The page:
The days of free bar snacks are almost completely over in Spain, unfortunately. Nowadays, the free tapas and pinchos I remember from my earlier Spanish forays have been mostly replaced by charcuterie slices or small cooked plates, and most cost money.
There is confusion, even among Spaniards, about whether tapas should always be free. Conventional wisdom says they should be, while pinchos are always paid for. Either way, tapas should never cost much money unless they are served at a fancy gastronomic bistro. Costly tapas and pinchos, or pintxos as they are dubbed in the Basque country in northeastern Spain, are targeted toward tourists.
Tapas or Pinchos?
Tapas may be cold, such as mixed olives, cheese wedges, and jamón, or they may be hot, such as albóndigas (small meatballs in tomato sauce) or gambas al ajillo (fresh prawns in sizzling olive oil with garlic and chili peppers). In most bars in Spain’s larger towns, tapas have evolved into a sophisticated regional cuisine.
A pincho or pintxo is a snack served atop bread, with a toothpick speared through it. The toothpick is not only used to keep the snack from falling off the bread, but also to keep track of the number of pinchos the customer has eaten. In most bars of the city of Salamanca, for example, pinchos are almost always a piece of meat, cheese, or pickled fish—or nowadays, even something more elaborate—skewered with a toothpick and served on a piece of bread. Sometimes they might be offering for free along with each glass of wine you drink.
Except in large cities, tapas and pinchos are avoided at lunch. They are more of a late afternoon or evening snack, shared with friends while having a glass of wine or beer. In the larger cities, such as Madrid, Zaragoza, or Seville, it’s generally acceptable to make a quick lunch of them.
In the regions of Catalonia, Andalucía, Navarra, and the Basque, tapas are regarded as the underpinnings of local culture and social interaction. It is very common for a bar or small local restaurant to offer eight to 15 different excellent tapas at the bar.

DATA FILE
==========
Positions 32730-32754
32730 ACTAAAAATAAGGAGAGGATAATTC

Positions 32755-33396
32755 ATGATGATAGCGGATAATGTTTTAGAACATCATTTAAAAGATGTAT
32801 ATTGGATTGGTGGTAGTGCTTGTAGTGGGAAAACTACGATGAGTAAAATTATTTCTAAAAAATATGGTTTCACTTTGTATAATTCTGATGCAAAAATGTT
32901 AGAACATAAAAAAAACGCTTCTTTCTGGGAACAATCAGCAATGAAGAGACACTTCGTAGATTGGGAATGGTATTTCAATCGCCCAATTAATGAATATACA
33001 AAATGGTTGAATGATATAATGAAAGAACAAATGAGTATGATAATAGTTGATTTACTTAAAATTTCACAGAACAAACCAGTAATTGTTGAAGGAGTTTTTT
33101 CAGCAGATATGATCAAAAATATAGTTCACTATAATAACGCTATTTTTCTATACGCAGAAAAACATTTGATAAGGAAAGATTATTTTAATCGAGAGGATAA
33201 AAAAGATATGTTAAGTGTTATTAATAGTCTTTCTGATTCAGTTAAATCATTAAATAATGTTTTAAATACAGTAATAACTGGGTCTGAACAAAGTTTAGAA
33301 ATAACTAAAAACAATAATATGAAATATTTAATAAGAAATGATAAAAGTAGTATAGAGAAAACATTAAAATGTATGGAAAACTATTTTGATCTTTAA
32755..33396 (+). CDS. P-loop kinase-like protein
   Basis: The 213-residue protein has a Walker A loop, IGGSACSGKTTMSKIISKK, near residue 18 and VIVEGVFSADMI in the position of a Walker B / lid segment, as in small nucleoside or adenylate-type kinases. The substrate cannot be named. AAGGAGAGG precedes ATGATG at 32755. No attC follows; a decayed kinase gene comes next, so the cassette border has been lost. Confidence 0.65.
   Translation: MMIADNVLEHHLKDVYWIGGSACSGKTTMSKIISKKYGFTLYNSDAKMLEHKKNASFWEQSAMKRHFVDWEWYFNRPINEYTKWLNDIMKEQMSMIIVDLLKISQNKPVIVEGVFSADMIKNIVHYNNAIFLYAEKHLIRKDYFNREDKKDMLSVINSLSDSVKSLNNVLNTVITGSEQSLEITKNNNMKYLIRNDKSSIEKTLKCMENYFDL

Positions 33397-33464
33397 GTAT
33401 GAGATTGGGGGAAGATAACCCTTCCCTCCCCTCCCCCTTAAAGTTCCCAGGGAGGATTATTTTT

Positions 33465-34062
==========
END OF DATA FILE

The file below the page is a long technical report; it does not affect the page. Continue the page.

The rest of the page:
A Short History
There are many theories about how tapas and pinchos originated and came to be popular. Some say it was King Alfonso the 10th, following a bout of illness during which he could only eat small amounts of food with wine, who decreed that wine must be served with food. Others say it was farmers who began eating small snacks along with wine throughout the day to give them much needed energy between meals.
In the 17th and early 18th centuries, tapas (from the Spanish word tapar, meaning “to cover”) were pieces of bread large enough to cover the mouth of a glass. At the time, the average Spanish wine, especially sherry, was much sweeter, attracting fruit flies, bees, and other winged creatures. Tapas kept insects from getting into the wine glass.
By the mid-18th century, some enterprising Andalusian tavern owner realized that if your tapa had a piece of salty cured meat or cheese on it, the salt would cause thirst, and therefore customers would consume more wine. Another possible explanation for using a cheese tapa is that the strong smell of a very ripe cheese would cover the poor smell of cheap wine. That is why tapas of salty meat or cheese were free.
And the Rest
Piparras are a kind of pincho that consist of pickled items like olives, baby onions, cornichons, or chilies mounted together on a toothpick without bread. Sometimes they include a pickled white anchovy.
In Murcia and Madrid, a pickled white sardine (boquerón) and a salt-cured dark anchovy (anchoa) on a piece of white bread are called matrimonio (meaning marriage), and you will find them served in many bars.
In Seville and other parts of Andalusia, all small portions are called tapas. They are not free; neither are montaditos, the Catalan name for a tapa made of a filling in a small bread roll. The montadito is a tradition that predates even the sandwich, all the way back to the 15th century.
In most cities, portions large enough to share with at least one or two other people are called ración. There is also a media ración, which is smaller than a ración but larger than just a tapa.
Is it all clear now?
Manos Angelakis is a wine and food writer in New York City. As the gastronomy critic for LuxuryWeb.com, he has spent many years traveling the world in search of culinary excellence.